You can't acuse the Dutch of not having a sense of humor. While we were driving to Alkmaar we ran into some road construction. There were signs every kilometer telling drivers how much longer they had to 'endure' the torn-up roads. The sign translates to: Still 5 kilometers.
As we neared the end of the construction the signs started to have a happier face. Now there's only 2 more kilometers.
We survived the construction and arrived safely in Alkmaar - a very old city about 45 minutes north of Amsterdam.
We're getting quite good at spotting the water towers.
The boats can get around easier than cars today - not nearly as much traffic on the water as on the roads.
We enjoyed strolling along some of the back streets. It reminded me of Venice, Italy.
More 'connecting-with-heaven' roofs. I wonder if it works.....
This is the location of the Friday morning Cheese Market. The building is the 'Weigh House' where the cheese is weighed before being taken to the sales floor outside.
What a colorful scene. The cheese is in large, round wheels - each weighing between 12 and 13 pounds. This little sleigh on which the men transport the cheese would weigh over 125 pounds, counting the sleigh. They ran with it to entertain the crowds, and crowds there were.
Each cheese company that sells their product at this market has their own color. The men, all dressed in white, had a colored band around their hats that identified which company they represented. There were four colors in all: red, blue, yellow, and green.
The cheese that was purchased was loaded onto these racks to be put into waiting semi-trucks.
The men who transported the cheese to the waiting trucks didn't get to wear as colorful costumes as the ones who carried the sleighs. They should protest!
Here a worker pushes this wooden cart loaded with cheese from the salesfloor to the trucks.
That's a whole lot of money you see sitting on those mats.
The woman in yellow had a microphone and explained the procedure to the tourists in several languages. The men in white coats were the inspectors. They evaluated the taste, smell, and quality of the cheese, which directly affected its price.
I couldn't believe how much cheese was laying out in the sun. Is that okay???
These inspectors have cut open a wheel of cheese and are scooping out samples to test the flavor, creaminess, etc. The cheese in this shape is called Gouda cheese.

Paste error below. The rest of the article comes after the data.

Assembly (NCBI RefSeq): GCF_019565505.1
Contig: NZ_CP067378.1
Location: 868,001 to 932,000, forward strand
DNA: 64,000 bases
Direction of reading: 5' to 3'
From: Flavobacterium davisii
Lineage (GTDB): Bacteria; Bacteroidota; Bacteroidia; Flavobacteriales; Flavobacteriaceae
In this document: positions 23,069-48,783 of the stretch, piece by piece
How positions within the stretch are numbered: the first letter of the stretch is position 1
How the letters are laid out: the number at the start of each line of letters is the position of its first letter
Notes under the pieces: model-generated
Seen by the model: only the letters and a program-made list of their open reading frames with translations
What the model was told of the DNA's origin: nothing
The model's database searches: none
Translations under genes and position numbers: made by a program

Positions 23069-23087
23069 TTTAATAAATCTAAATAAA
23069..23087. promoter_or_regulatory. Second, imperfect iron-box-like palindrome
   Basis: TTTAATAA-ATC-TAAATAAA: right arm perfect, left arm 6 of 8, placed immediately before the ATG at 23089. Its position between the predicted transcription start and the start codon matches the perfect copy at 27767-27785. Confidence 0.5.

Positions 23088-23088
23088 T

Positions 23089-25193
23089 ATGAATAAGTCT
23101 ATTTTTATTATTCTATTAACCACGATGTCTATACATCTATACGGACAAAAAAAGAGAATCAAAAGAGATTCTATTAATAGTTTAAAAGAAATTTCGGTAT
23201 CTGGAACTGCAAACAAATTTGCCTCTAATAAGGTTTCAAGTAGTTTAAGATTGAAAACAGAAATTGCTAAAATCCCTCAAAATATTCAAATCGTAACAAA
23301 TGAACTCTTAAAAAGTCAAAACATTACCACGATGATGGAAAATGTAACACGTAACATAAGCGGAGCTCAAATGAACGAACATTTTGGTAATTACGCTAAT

As different pieces are purchased, the carriers take it to the trucks.
Yes, that's yours truly. I loved watching this fun tradition! The market has been operating every Friday morning in Alkmaar for over 400 years. Our country isn't even that old!
A lovely Dutch girl in native costume. She was about 6 foot 2 inches tall. The country of Holland has the tallest people in the world. It's not uncommon to see men over 7 feet tall. (And we do quite often.)
Some of these carriers weren't spring chickens. I wonder if their backs hurt when they're thru for the day.
Loading the wheels of cheese from the sleighs to the carts would also be back-wrenching work.
Giddy - up!
Another girl in native costume. The crowds love the color and the show.
We were able to buy a chunk of fresh cheese for 5 Euro. Elder Beckstrand couldn't resist. It was really good!
He's really putting his back into it.....
The loaded trays are electrically hoisted into the trucks. Soon the cheese will be on its way to markets all over Europe.
After the market closed we took a little walk through the city.
The architecture never fails to interest me.
At the end of the block is a huge church. Every Dutch city has one.
This area was pedestrian traffic only. On Fridays there wouldn't be room for cars in the centrum.
Many people are shopping and enjoying the atmosphere, just like us.
This fine old fellow is doing a good job of scaring off tourists.
Back at the car, we say goodbye to Alkmaar. What a fun morning! We were even able to find a sporting goods store where we could buy some pool cues for our JoVo FHE game tournament on Monday.All in all - a very profitable and enjoyable morning.